Cleaning up our furry friends – Metro US

Cleaning up our furry friends

Claws, teeth and sharp tools make pet grooming a perilous business. Those who come expecting to play with puppies and kittens soon burn out, leaving a hardy few who love and understand animals.

Jennifer Lowery opened Toronto’s Dog Days Grooming Salon in 2005.

“I always wanted to work with animals, but I didn’t necessarily want to be a groomer,” she says, adding with a laugh, “I do want to be one now!”

Grooming up to 16 dogs a day is hard, hectic and dangerous work. Some pups “object strongly when we have to do their ears and nails and brush their faces. It can be dangerous for both us and the dogs.”

Unruly dogs may need tranquilizers or even a full anesthetics before work can begin. “Those days are like extreme grooming,” Lowery laughs. “A lot of people don’t realize how hard the work is. I rarely go home without bleeding in some part of me.”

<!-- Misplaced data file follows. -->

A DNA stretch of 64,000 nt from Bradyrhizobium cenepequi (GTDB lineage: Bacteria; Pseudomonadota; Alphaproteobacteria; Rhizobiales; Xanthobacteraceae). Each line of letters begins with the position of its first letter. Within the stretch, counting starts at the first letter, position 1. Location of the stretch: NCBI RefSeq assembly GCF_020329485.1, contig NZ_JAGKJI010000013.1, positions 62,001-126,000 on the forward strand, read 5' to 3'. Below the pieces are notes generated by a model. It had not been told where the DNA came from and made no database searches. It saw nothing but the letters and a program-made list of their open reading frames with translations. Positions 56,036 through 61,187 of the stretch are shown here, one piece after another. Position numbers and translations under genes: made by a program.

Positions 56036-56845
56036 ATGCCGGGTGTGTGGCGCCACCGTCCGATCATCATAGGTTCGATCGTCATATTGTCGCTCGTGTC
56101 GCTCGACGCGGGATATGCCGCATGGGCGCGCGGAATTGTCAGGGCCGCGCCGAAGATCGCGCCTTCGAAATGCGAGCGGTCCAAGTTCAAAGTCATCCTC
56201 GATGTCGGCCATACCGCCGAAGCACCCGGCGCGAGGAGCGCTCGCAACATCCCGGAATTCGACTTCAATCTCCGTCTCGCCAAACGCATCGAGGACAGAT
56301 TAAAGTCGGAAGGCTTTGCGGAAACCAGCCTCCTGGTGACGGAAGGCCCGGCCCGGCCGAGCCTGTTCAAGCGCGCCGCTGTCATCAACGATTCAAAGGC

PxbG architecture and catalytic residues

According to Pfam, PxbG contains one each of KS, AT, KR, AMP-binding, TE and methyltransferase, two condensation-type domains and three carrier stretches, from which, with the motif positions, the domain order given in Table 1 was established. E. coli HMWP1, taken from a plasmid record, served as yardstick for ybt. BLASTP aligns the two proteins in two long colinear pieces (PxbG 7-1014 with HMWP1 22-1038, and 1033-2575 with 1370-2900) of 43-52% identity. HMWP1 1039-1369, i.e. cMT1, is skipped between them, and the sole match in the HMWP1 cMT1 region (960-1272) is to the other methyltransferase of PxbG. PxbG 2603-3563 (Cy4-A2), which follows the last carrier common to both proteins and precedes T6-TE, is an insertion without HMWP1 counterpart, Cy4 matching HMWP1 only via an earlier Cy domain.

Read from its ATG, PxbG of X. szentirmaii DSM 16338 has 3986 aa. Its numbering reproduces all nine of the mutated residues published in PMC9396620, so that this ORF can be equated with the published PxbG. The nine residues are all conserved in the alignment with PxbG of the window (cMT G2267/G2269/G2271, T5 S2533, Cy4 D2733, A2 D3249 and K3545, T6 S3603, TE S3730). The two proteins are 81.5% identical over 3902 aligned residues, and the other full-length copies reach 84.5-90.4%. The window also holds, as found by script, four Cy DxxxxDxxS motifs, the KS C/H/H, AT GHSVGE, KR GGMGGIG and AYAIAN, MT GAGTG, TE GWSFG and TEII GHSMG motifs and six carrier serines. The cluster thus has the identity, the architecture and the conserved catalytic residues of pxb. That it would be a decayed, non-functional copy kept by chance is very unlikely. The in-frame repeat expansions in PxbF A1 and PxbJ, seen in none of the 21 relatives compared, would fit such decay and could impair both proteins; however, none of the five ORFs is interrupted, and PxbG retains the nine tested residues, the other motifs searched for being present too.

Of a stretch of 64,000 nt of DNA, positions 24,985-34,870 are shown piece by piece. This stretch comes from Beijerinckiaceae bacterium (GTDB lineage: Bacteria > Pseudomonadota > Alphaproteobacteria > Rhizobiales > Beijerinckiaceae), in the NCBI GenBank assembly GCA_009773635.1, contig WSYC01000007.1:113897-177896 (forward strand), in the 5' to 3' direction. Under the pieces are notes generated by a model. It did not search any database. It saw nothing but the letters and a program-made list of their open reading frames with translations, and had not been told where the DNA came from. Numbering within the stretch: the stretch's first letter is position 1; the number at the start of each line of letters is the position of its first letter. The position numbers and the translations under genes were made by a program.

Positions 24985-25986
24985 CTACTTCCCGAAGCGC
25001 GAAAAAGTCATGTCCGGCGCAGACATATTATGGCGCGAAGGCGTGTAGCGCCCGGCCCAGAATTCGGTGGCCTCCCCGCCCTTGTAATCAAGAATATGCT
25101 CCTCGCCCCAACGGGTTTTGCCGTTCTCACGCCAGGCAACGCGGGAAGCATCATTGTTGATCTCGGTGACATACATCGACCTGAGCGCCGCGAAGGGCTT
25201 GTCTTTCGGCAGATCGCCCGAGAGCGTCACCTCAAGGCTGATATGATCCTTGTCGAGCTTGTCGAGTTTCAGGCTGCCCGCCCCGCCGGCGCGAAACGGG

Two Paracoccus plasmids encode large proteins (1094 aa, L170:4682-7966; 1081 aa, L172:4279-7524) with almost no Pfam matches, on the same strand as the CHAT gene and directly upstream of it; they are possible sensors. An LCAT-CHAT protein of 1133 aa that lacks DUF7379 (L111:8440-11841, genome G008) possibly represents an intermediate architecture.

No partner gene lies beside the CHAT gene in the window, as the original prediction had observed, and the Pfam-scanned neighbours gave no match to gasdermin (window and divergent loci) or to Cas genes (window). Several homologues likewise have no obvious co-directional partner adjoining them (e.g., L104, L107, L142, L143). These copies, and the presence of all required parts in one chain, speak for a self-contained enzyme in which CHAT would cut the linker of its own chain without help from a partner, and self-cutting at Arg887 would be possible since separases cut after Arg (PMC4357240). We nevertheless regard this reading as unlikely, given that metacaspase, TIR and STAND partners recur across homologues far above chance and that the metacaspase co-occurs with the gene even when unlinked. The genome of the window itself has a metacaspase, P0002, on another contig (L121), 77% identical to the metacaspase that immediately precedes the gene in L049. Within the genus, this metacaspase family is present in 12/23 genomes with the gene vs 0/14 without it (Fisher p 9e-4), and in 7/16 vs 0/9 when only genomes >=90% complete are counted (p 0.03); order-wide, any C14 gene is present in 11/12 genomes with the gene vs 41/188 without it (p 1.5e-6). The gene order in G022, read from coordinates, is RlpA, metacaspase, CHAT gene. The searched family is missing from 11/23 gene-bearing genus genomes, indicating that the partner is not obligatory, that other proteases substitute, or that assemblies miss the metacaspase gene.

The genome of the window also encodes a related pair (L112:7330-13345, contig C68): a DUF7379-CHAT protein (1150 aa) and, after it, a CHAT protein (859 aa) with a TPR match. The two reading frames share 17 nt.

Lifting heavy dogs and working with difficult ones takes its toll and requires a stable, patient personality, and a high pain threshold. “I find moms are really good,” she says, crediting their previous experience in getting unhappy creatures into bathtubs.

Lisa Brookes is a cat whisperer. She and her husband live with 29 of them and she operates The Divine Feline, a cat-grooming service in Halifax.

Cats naturally self-groom, but they need help. “The long-haired, thick-coated cats — that’s not a natural situation. We’ve bred them that way, so they’re not naturally equipped with the tools to groom themselves,” Brookes explains. That can lead to matted or greasy fur and dandruff.

Brookes even offers the occasional stylish cut. “The most popular is the lion cut, where the cat’s hair is all removed, other than the head and a pom-pom on the end of the tail,” she explains. “Cats like the result, but they don’t always like the process.”

The basics of grooming are easy to learn; the trick is learning about cats.

“You can’t force a cat into anything. You need to negotiate with them,” she says.

Brookes never sedates cats, instead taking time to get to know them and paying attention to their behaviour for warning signs during grooming.

“It takes a pretty unusual individual (to groom cats). You really have to understand cats. That’s different than just loving cats.”